May 4, 2022
IBM is rolling out a new application development framework called Merlin as part of its release of IBM i version 7.5. Designed primarily as a lightweight alternative to RDi and running in containers, Merlin could provide a guide to how IBM sources and distributes development tools in the future.
Merlin is a new Licensed Program Product (LPP) offering from IBM designed to allow IBM i developers to create new ILE programs from scratch or modernize existing ones. The software, which is officially called Modernization Engine for Lifecycle Integration, is based on a mix of open source and proprietary tools from IBM, Red Hatand ARCAD software which is packaged to run on the Power server through Red Hat OpenShift containers and accessible through a web browser.
The main IDE is based on Visual Studio Code (but not that of Microsoft, says IBM). IBM called on the change management and DevOps expertise of ARCAD to integrate support for Cottage source code management and Jenkins for continuous integration and continuous deployment (CI/CD) pipelines. It also includes a conversational RPG tool from ARCAD called Transformer, which IBM has renamed Converter for its Merlin offering.
The idea is to provide an environment in which customers can build next-generation applications using the modern DevOps paradigm. Merlin provides comprehensive coverage of ILE languages, including RPGIII and RPGIV, COBOL, CL, DDS, and SQL, giving developers the familiarity of working in these languages while advancing them with automated code management and deployment.
It’s a step up from the dark ages of SEU and PDM, but without the resource-heavy Rational Developer for i (RDi), says IBM program manager Alison Butterill.
“RDi is a great tool,” says Butterill computer jungle, “but it’s based on Eclipse and it contains a lot of proprietary code that didn’t really fit into the containerization space. . . It is a very heavy client. It requires a lot on your own machine.
Merlin offers a slightly different approach to application development and modernization, not to mention that it’s much easier on IT resources, Butterill says.
“We’ve had many, many customers asking us for a browser-based solution, a cloud-based solution, something that incorporates not just editing, compiling, and debugging, but also the modernization aspects of the transformation, and especially DevOps and CI/CD,” she says. “You could [create and modernize applications] with RDi, but again RDi relies on a big client. It also doesn’t integrate DevOps and CI/CD capabilities, and it doesn’t integrate some of the conversion and transformation tools we get from ARCAD. For customers who want to run in the cloud but browser-based and lightweight, this is definitely the tool.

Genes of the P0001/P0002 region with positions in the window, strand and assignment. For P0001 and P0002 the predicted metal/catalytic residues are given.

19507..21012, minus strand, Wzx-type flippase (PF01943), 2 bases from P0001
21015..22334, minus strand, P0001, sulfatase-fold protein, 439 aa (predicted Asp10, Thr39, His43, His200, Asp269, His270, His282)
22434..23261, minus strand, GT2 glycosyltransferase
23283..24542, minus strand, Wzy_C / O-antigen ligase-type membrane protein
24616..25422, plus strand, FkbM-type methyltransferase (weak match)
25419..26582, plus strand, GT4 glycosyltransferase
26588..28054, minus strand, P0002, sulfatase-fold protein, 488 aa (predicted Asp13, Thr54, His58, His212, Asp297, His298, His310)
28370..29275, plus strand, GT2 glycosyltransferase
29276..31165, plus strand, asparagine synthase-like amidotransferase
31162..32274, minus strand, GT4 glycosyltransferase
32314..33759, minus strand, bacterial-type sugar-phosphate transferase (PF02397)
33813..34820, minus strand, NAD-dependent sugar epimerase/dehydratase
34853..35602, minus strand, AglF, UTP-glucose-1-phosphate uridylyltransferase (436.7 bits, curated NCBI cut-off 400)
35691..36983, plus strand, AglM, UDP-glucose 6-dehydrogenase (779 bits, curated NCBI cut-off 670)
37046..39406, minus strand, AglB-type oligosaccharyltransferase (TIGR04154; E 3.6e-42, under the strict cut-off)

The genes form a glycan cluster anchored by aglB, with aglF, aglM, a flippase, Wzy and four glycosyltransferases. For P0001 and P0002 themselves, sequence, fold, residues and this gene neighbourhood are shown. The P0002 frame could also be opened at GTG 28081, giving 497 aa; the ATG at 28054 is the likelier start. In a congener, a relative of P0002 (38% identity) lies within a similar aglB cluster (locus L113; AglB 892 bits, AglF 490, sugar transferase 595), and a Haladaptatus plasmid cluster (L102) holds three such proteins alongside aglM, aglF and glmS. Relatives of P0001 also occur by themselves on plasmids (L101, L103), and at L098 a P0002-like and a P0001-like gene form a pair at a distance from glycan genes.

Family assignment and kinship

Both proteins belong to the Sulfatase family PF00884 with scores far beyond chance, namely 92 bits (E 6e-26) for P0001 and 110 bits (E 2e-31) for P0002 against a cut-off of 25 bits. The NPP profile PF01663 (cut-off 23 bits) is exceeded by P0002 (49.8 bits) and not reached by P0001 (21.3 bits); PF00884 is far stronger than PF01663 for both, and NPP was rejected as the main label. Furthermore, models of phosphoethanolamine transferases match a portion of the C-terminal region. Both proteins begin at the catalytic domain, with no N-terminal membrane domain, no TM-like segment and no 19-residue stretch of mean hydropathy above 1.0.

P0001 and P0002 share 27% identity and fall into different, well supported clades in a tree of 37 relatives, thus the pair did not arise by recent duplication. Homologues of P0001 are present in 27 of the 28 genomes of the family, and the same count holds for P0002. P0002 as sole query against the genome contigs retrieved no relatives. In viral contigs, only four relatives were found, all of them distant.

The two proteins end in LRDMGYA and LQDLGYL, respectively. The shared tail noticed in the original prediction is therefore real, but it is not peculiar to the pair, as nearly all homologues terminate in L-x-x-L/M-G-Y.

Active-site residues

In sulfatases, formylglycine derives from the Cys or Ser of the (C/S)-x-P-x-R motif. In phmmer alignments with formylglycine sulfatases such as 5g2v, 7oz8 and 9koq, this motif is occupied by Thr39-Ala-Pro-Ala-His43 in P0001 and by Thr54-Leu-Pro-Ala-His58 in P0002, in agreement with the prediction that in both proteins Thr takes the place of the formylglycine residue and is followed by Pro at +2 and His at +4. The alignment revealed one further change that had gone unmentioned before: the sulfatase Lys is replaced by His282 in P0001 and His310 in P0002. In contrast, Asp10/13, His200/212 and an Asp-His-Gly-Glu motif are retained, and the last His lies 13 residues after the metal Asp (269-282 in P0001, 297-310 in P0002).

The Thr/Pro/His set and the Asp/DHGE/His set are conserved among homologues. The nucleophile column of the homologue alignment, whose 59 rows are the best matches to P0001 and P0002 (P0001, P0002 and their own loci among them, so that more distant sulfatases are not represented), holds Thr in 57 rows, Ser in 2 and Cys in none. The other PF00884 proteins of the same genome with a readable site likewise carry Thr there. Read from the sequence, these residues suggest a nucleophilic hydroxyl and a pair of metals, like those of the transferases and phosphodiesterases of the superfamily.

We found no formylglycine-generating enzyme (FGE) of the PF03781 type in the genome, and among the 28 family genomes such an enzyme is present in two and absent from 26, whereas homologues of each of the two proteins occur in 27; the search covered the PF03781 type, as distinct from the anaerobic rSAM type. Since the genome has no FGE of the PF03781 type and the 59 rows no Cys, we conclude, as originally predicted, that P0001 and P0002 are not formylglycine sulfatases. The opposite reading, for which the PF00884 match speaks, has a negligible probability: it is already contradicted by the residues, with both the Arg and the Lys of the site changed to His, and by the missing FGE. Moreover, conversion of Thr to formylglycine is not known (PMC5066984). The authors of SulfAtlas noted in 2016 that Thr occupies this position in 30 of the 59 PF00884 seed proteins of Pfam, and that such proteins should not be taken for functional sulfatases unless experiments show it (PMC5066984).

A developer working with Merlin to modernize an application would start by gaining access to Merlin itself. As a certified container application, users will be able to download Merlin directly from the IBM Certified Container catalog. After paying for the required Virtual Process Core (VPC) units with IBM Passport Advantage, they can begin.
The user begins their workflow by acquiring the IBM i server source code. Once the source code is in the Merlin environment, the user can make necessary code updates from Merlin’s browser-based interface. When the job is done, the user then sends the code back to their IBM i to compile and run the object, Butterill explains.
Merlin doesn’t currently have a debugger, but that should change in the near future, according to Butterill, who said it was the fastest development project she’s ever been on at IBM. “We just focused on getting that out the door,” she says. “We have some ideas for our next [release].”
Although Merlin runs in a container, it is not used to build container-based applications. This is an important distinction that IBM wants to emphasize because container technologies, such as Docker and Kubernetes, which are used to manage containers, do not run on IBM i. But the full range of container technologies run on Power Linux environments, hence the decision to base Merlin on OpenShift.
There were several reasons why IBM chose a container-based deployment option for Merlin, Butterill explains. “First, because it allowed us to embed some of the OpenShift functionality,” she says. ” But it is not the only reason. It’s a nice side benefit.
Containers have the main advantage of hiding the inherent complexity of apps made up of a mix of different frameworks and technologies, which describes most modern apps these days. Containers allow a developer to create a standard image of all the different pieces that go into the application, with the assurance that all technologies are at the correct release levels to ensure everything works together.
“Working with containers allowed us to take these different components and put them together in a different way,” Buterill says. “And the containers are of course. . . almost like a black box. You appeal to it, something in their works, and you use it from the outside. This allowed us to encapsulate a lot of this function that we wanted to provide and manage it in a very streamlined way. »
A customer could create their own version of Merlin by tinkering with open source tools, and perhaps even bundling it up as a container. “I could do it myself,” Butterill says. “But it would be a lot of work and we still wouldn’t get all the rooms we cover and the range of our suite.”
Merlin requires IBM i 7.4 or 7.5.
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